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I have been trying to gather some details on the Origin of Sting, but it seems there is very little known. I gather that Sting was forged in Gondolin during the first age, however aside form that I cannot find any info. I find it slightly odd that, despite being such an iconic sword, there is little back story.

Can anyone provide any details on Stings life in the first age? Who made it? who wielded it, who rescued it? etc.

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There's a little bit of context available. With some guesswork, we can piece together a likely biography for Sting.

We know that Sting was made by Gondolin Elves which makes it very likely to have been used in the defence of Gondolin:

"being the work of Elvish smiths in the Elder Days these swords shone with a cold light, if any Orcs were near at hand" - FOTR

We've not got an in-universe description of how it came to be in the possession of a group of trolls, but it was (probably) wielded as a secondary weapon by a soldier who died (or lost it) at the Battle and Fall of Gondolin. It was then located by looters:

"Eärendel distraught wanders with Voronwë and comes to the ruins of Gondolin. Men are encamped there miserably. Also Gnomes searching still for lost gems (or some Gnomes gone back to Gondolin)." - HoME I - The Book of Lost Tales, Part 2

There's no good reason to assume that it's a famous blade given that it's little more than a dagger.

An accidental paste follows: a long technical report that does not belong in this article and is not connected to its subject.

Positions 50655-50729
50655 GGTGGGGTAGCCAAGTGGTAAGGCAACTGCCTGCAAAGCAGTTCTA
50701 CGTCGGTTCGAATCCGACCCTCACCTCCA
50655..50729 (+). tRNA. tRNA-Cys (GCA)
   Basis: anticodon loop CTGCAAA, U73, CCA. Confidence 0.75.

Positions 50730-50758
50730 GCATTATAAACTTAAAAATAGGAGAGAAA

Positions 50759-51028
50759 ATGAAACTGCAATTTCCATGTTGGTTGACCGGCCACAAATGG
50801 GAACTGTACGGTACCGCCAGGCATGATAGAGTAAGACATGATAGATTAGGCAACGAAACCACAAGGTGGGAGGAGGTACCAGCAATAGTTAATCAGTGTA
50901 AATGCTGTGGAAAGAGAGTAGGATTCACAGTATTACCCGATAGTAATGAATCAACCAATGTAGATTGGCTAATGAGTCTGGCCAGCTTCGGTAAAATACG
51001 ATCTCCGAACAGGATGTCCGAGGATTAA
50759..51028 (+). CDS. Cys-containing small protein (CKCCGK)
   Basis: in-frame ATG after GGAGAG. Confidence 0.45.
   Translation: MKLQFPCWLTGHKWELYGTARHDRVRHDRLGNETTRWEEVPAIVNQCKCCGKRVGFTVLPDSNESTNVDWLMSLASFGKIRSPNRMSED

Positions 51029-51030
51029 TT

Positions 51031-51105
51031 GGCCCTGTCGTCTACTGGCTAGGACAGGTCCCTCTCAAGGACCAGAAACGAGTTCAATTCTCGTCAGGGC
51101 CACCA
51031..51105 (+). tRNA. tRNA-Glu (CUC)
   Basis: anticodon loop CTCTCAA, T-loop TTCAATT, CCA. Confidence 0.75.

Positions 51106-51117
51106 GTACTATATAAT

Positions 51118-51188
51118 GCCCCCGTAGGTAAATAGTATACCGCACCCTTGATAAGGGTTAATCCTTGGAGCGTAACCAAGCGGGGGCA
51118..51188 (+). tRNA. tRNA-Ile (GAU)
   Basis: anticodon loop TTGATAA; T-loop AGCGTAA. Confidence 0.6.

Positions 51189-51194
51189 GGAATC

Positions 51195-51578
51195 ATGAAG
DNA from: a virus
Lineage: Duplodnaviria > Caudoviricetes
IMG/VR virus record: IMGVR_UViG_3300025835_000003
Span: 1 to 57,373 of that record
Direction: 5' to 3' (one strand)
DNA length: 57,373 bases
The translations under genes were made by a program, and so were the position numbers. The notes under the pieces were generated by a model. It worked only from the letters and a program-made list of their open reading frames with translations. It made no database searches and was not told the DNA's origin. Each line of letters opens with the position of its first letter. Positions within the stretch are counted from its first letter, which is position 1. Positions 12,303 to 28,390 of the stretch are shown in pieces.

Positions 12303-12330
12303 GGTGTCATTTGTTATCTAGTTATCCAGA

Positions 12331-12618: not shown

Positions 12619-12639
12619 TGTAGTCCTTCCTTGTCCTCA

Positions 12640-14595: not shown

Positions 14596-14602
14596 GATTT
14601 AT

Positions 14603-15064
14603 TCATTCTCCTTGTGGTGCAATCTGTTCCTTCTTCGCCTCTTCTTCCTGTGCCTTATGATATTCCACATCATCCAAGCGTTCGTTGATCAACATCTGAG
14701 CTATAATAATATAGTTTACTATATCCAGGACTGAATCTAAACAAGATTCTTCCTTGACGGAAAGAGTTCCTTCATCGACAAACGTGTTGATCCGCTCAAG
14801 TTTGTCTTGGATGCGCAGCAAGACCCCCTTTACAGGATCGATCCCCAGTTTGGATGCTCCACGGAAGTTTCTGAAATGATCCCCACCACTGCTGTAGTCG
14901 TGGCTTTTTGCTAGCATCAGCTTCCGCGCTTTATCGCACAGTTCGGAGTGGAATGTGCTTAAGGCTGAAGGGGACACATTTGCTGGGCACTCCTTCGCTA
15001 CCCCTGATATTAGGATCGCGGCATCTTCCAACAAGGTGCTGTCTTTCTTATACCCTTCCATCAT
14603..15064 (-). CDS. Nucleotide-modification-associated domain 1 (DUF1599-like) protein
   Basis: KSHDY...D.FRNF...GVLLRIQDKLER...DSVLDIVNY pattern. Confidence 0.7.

• Hmm, so I suppose a looter or an escaping elf may have taken in and somehow made their way to Middle Earth? – Hatandboots Jul 20 '15 at 22:24
  • @Hatandboots -Precisely. We know it's of Gondolin make. 1+1=2, usually. – Valorum Jul 20 '15 at 23:02
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Unfortunately, that's everything we know about Sting.

Considering the details we do know about it, it's not entirely surprising; Sting is described as a knife, and perfectly-sized for Bilbo:

Bilbo took a knife in a leather sheath. It would have made only a tiny pocket-knife for a troll, but it was as good as a short sword for the hobbit.

The Hobbit Chapter 2: "Roast Mutton"

And as Tom Bombadil points out, Hobbit-sized swords are really only as big as knives for bigger folk:

For each of the hobbits he chose a dagger, long, leaf-shaped, and keen, of marvellous workmanship, damasked with serpent-forms in red and gold. They gleamed as he drew them from their black sheaths, wrought of some strange metal, light and strong, and set with many fiery stones. Whether by some virtue in these sheaths or because of the spell that lay on the mound, the blades seemed untouched by time, unrusted, sharp, glittering in the sun.

'Old knives are long enough as swords for hobbit-people,'

Fellowship of the Ring Book I Chapter 8: "Fog on the Barrow-Downs"

By all accounts Sting was an unremarkable weapon, and whatever history it may have had wasn't considered worth recording.

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    I thought it was at least remarkable enough for them to enchant it with the 'orc detection', though that could have been common practice in Gondolin. – Hatandboots Jul 20 '15 at 22:25
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    @Hatandboots There's been some fan speculation on this point, but we don't have much to go on; there is one line from Fellowship: "No gleam came from the blades of Sting or of Glamdring; and that was some comfort, for being the work of Elvish smiths in the Elder Days these swords shone with a cold light, if any Orcs were near at hand." (Book II Chapter 4) but it's by no means absolute – Jason Baker Jul 21 '15 at 1:15

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